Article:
The district does not have any lake or river. It however has three permanent wetland systems viz; Okole, Olweny and Moroto. The wetlands provide water for domestic and potable purposes, although it is considered generally unsafe for drinking. The district has provided to the communities a number of boreholes, shallow wells and protected springs (Table 3 below) from which the local communities obtain drinking water. Deep wells in the Town Boards of Agweng, Ogur and Barr have been developed and are being pumped by solar power to provide piped water serving the communities of the Town Board.

The continental climate of the district is modified by the large swamp area surrounding the southern part of the district. The rainfall in the district is bimodal with one peak during April-May and the other in August-October. The average annual rainfall in the district varies between 1200- 1600 mm decreasing northwards. The rainfall is mainly convectional and normally comes in the afternoons and evenings. Lira district average minimum and maximum temperatures are 20.50c and 29.50c, respectively. The absolute minimum and maximum temperatures hardly fall below 200c and hardly goes beyond 320c in any normal year. The coldest and warmest months during the day in a year are May and December respectively in any normal year.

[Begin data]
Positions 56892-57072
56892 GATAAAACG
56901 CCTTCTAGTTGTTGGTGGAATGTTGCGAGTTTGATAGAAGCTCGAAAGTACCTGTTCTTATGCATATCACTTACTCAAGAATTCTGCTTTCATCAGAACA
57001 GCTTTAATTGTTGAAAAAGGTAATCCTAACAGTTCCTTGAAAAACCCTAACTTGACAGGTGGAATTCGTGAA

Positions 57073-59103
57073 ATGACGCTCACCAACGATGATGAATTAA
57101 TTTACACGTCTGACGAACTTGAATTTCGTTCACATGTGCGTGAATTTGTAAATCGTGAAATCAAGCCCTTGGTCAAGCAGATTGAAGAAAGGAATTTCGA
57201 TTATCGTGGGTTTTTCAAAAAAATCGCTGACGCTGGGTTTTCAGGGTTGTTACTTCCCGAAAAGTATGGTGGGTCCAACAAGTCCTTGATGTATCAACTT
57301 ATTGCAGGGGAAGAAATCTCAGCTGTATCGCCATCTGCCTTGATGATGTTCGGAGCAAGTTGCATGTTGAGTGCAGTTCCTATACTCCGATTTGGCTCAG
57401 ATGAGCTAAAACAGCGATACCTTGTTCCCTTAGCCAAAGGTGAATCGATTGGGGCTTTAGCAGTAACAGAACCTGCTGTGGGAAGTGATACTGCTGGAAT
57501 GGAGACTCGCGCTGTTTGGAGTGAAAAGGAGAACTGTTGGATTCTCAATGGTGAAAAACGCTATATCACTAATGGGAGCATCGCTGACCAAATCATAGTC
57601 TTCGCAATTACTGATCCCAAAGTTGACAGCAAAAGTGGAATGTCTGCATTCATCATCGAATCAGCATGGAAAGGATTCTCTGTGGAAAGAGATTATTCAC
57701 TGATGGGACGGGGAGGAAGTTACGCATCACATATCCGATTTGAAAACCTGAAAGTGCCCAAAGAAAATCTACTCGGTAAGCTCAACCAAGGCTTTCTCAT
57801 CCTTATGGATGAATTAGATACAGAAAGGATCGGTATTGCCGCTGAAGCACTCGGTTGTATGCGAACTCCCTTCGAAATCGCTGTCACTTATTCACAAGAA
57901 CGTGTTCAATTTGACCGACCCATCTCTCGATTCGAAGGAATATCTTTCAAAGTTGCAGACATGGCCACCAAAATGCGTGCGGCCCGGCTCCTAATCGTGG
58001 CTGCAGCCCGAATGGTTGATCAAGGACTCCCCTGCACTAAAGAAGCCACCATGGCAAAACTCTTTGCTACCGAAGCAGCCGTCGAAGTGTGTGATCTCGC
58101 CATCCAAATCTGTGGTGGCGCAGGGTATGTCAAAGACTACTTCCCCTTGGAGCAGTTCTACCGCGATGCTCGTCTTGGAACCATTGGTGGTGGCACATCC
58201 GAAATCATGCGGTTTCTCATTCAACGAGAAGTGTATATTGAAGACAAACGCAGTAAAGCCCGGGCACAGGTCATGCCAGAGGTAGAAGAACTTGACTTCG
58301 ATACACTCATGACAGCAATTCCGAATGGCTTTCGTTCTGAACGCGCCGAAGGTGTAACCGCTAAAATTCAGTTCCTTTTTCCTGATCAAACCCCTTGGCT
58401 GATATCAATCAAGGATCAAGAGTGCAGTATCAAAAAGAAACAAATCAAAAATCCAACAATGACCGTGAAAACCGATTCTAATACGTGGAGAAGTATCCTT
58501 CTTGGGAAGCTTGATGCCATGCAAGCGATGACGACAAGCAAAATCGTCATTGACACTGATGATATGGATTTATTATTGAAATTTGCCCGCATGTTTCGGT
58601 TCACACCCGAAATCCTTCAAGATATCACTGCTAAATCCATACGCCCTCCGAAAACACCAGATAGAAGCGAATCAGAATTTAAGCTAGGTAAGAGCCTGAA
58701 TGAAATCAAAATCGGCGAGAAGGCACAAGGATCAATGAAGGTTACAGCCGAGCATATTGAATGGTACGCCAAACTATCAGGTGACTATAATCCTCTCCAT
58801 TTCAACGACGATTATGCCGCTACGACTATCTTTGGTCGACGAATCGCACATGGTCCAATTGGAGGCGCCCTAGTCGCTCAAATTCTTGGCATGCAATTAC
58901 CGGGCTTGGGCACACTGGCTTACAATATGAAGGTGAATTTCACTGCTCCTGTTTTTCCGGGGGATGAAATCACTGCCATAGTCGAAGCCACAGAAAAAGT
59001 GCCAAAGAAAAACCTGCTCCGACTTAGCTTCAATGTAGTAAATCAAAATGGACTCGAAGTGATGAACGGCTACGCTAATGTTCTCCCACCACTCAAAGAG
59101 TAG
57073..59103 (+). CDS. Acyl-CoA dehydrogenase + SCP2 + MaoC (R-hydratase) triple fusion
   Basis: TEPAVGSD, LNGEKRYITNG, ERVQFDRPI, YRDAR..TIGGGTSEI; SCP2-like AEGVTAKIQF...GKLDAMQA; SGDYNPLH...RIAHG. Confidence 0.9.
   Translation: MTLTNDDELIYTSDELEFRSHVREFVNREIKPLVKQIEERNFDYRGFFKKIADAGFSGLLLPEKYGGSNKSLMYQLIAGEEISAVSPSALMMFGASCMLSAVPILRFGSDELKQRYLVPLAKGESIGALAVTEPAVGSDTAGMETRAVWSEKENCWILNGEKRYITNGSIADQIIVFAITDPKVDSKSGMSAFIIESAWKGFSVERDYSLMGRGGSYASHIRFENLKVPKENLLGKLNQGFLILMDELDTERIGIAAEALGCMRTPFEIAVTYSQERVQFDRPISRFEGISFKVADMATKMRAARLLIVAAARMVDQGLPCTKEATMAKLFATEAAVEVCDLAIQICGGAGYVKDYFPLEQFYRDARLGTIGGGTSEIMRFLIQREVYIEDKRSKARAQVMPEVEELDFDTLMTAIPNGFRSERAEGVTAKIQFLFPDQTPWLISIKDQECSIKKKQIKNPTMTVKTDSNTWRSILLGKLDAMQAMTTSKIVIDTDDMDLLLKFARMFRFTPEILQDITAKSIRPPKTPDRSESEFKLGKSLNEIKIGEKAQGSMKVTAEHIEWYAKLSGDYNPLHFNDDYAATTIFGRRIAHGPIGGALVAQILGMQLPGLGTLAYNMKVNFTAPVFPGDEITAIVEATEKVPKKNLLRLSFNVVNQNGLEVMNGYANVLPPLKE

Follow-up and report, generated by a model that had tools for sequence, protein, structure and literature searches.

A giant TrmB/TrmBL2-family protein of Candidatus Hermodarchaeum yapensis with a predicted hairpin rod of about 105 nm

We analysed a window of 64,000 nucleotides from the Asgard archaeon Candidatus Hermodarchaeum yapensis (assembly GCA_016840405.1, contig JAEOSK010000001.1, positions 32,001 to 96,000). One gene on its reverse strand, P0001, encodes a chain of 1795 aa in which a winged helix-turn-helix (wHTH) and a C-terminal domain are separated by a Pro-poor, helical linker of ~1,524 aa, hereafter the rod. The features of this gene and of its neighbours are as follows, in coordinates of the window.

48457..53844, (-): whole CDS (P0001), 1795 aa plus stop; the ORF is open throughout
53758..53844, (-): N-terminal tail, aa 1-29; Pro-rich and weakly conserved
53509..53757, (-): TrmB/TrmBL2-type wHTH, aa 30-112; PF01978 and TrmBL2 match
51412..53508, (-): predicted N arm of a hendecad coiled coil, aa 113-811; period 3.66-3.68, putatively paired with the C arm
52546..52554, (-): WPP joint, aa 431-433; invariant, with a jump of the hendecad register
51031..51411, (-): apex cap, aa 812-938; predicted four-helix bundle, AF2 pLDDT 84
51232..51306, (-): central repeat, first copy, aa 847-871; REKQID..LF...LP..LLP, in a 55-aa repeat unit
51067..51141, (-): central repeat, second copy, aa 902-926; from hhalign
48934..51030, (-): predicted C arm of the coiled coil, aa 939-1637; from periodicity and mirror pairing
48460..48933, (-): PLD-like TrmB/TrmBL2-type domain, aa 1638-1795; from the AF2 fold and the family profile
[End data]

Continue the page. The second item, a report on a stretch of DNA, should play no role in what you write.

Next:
The Equatorial Trough which brings rainfall passes over the district. The South easterly winds which also brings rains to the district passes over Lira. Land and sea breezes are common in the district. Wind run is low (1-4m/sec) during the rainy season and moderate (4-8m/sec) during the dry season.

The Equatorial Trough which brings rainfall passes over the district. The South easterly winds which also brings rains to the district passes over Lira. Land and sea breezes are common in the district. Wind run is low (1-4m/sec) during the rainy season and moderate (4-8m/sec) during the dry season.

Administrative and Political Structure

Administrative Structure